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Soccer in Dusseldorf vs. the Seattle Sounders

11 Mar Posted by in Culture, Sports | Comments
Soccer in Dusseldorf vs. the Seattle Sounders
 
Ok, so Fortuna Düsseldorf wasn’t playing the Seattle Sounders.

Unfortunately, I have only been to one professional soccer game in the US (Seattle Sounders vs. Chicago Fire) back in April of last year. So this is the only American match to which I can compare the European games I’ve seen.

However, I can proudly claim that I have been to more European matches than US ones.

Last night we went to the Fortuna Düsseldorf Fußball match against Erzgebirge Aue at the Düsseldorf Esprit arena.

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This was my fourth European soccer game and once again, a German match did not disappoint.

If you’re looking for the glitz and glam of being at a sporting event, a US soccer game will give you such.

The Drum Line.

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The fan section with flags and scarves. (I want to know if the same person waves these huge flags the whole time or if they take turns?)

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Opening ceremony featuring US military.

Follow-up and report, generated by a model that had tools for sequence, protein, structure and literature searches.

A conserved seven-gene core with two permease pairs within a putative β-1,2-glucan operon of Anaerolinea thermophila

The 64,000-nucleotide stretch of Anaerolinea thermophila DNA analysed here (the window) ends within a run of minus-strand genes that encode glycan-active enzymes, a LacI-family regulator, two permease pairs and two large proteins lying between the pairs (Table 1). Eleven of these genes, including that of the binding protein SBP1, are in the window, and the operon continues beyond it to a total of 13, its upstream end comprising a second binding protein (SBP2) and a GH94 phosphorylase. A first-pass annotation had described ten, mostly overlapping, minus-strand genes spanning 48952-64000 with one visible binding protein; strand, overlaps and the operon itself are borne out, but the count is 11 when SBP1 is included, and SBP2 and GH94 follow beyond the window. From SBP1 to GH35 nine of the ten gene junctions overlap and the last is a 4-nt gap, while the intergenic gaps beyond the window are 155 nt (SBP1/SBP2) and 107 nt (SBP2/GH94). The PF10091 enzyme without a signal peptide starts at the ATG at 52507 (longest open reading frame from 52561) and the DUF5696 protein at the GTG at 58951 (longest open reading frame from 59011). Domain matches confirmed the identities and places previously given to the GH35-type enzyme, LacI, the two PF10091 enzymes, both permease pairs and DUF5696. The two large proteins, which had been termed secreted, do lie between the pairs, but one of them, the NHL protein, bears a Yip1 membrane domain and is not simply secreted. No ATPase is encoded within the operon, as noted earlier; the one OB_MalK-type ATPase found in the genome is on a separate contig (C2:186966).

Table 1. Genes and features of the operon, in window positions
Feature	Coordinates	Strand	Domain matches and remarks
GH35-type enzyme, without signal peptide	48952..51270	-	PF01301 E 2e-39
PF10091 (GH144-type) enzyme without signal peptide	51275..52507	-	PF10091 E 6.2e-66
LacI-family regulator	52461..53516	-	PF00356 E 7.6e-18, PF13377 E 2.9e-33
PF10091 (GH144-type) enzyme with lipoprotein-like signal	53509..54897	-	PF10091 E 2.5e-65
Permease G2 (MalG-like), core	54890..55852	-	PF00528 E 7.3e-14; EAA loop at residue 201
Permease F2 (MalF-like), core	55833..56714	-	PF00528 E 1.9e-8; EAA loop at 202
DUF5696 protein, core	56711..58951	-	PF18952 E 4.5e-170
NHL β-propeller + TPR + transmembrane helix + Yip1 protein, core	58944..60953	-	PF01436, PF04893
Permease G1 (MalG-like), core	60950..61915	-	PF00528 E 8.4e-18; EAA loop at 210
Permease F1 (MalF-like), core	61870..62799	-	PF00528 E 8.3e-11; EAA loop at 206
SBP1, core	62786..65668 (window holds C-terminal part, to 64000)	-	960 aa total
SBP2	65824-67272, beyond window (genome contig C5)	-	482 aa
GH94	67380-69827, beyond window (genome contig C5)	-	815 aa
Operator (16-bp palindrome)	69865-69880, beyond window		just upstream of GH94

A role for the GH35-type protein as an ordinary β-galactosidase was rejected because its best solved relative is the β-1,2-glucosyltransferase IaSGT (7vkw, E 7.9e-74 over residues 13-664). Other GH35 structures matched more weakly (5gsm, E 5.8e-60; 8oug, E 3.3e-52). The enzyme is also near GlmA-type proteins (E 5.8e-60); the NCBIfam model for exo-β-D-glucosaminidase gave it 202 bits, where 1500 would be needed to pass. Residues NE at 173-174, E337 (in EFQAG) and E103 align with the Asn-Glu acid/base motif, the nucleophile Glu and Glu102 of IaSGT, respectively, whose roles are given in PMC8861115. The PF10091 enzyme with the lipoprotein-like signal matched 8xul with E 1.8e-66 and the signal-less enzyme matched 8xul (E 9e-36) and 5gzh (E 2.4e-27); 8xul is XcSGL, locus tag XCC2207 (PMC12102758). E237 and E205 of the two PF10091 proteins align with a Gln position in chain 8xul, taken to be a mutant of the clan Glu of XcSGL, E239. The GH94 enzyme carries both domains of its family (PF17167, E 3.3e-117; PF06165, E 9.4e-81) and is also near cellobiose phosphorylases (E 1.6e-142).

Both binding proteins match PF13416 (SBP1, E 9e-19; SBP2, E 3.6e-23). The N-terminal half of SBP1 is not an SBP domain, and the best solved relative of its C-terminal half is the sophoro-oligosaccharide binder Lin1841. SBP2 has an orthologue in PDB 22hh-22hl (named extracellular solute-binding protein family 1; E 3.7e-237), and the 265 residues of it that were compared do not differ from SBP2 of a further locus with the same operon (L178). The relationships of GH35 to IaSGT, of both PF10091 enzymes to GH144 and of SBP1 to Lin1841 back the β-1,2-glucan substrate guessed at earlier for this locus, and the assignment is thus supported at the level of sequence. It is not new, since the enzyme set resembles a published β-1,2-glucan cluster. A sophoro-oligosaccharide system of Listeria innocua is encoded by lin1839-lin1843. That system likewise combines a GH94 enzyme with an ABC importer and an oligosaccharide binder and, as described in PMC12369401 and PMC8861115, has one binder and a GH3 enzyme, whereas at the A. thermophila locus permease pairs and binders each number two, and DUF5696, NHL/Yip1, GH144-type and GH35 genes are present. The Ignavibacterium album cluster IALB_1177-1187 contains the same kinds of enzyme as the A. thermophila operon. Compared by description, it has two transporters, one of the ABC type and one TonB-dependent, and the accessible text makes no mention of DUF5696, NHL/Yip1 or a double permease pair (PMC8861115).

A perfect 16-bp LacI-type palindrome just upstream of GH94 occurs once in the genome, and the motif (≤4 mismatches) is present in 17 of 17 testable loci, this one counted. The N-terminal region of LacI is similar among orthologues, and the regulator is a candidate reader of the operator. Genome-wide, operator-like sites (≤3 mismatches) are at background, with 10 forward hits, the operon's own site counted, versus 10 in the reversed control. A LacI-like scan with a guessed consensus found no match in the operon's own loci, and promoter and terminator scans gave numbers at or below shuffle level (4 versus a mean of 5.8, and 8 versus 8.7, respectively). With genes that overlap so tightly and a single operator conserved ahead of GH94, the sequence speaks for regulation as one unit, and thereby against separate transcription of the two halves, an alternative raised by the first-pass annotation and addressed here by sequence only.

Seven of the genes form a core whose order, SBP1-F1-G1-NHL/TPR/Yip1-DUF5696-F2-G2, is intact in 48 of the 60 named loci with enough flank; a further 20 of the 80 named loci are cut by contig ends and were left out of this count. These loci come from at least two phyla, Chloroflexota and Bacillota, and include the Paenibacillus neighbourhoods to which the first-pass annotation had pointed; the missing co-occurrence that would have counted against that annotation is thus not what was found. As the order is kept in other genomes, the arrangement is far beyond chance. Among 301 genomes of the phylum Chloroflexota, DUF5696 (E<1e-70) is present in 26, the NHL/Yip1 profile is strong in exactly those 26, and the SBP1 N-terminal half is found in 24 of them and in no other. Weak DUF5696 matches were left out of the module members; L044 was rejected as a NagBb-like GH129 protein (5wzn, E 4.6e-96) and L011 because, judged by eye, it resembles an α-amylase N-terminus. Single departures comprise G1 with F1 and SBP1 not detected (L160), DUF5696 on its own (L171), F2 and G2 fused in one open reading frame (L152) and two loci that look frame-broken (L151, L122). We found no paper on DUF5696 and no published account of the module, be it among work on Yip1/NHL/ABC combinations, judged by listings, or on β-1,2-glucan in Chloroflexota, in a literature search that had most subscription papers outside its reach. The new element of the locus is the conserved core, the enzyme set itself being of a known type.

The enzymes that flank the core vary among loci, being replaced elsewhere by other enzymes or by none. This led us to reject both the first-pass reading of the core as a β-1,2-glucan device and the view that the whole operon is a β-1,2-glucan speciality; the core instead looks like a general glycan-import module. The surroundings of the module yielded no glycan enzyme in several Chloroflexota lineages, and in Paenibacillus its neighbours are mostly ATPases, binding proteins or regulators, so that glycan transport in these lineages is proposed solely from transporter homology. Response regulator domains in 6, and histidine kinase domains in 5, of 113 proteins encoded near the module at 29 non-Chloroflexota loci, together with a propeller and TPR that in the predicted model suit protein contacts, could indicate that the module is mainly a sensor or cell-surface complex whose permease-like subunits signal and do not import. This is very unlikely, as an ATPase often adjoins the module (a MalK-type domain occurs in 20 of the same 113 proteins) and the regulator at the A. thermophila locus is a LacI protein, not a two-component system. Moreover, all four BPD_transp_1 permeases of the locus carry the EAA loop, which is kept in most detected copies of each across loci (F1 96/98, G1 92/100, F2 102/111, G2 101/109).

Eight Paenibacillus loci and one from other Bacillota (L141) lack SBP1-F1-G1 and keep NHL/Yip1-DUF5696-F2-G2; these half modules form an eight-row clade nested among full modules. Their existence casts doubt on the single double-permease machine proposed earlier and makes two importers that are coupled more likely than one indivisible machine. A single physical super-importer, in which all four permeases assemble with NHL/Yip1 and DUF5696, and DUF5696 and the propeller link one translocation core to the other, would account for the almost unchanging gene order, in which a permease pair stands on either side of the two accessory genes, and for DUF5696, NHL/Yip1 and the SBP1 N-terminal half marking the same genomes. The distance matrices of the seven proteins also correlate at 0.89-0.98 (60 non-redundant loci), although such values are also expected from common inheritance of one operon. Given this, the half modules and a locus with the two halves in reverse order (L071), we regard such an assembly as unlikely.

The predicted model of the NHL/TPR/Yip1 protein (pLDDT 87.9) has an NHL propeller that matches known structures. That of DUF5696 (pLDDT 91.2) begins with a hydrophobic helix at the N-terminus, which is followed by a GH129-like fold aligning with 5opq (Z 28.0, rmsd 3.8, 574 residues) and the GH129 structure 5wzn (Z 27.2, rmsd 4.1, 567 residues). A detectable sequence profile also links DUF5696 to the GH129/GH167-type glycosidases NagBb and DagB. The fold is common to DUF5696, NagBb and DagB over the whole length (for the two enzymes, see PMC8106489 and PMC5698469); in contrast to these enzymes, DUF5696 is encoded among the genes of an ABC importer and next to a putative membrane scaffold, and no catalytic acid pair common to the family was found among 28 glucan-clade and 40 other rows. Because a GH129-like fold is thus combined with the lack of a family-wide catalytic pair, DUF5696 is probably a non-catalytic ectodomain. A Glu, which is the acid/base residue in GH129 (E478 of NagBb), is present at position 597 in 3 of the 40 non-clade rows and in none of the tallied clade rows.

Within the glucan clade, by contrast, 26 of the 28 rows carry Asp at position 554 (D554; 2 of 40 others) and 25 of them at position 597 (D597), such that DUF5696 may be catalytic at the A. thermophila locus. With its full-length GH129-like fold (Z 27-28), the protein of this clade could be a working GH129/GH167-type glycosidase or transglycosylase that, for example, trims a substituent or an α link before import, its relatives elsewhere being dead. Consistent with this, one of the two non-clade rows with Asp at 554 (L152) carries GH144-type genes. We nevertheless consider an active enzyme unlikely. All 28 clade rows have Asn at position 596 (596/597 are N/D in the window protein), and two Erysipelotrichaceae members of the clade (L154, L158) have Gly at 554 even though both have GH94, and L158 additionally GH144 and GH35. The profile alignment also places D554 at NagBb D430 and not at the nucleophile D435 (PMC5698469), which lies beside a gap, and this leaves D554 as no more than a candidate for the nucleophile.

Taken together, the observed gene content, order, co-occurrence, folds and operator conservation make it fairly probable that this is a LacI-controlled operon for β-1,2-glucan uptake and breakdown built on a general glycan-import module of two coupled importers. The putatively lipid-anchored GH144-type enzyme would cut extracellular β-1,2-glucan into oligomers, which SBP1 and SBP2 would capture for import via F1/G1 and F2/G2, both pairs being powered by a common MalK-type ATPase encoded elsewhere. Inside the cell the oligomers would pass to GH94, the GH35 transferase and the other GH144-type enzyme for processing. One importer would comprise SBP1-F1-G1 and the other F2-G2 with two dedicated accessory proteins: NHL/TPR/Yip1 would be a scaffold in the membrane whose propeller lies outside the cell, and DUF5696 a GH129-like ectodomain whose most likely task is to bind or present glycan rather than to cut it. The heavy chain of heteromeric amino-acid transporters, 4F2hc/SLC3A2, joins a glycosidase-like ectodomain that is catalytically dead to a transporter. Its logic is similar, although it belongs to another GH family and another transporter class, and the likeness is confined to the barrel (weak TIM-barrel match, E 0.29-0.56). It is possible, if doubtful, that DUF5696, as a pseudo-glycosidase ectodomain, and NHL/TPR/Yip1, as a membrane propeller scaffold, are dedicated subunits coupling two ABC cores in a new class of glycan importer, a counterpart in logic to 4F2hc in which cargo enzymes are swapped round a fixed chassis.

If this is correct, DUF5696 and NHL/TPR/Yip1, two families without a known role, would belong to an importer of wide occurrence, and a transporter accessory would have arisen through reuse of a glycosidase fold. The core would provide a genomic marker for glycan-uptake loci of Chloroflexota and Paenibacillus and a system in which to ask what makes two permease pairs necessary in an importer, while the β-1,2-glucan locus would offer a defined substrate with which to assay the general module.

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The players walk onto the field with a group of children.

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Beginning huddle.

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When at a European game, they have some similar rituals.

The procession onto the field with children.

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Tons of flags and scarves. (I also want to know how these chanters and flag wavers are able to actually watch the game while cheering?)

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But the overall feel at the stadium was different and the way in which everything was organized was vastly different.

Keeping in mind that all stadiums around the world are going to be different, here are some things that I find to be mostly true at the four soccer matches I have attended in and around Germany.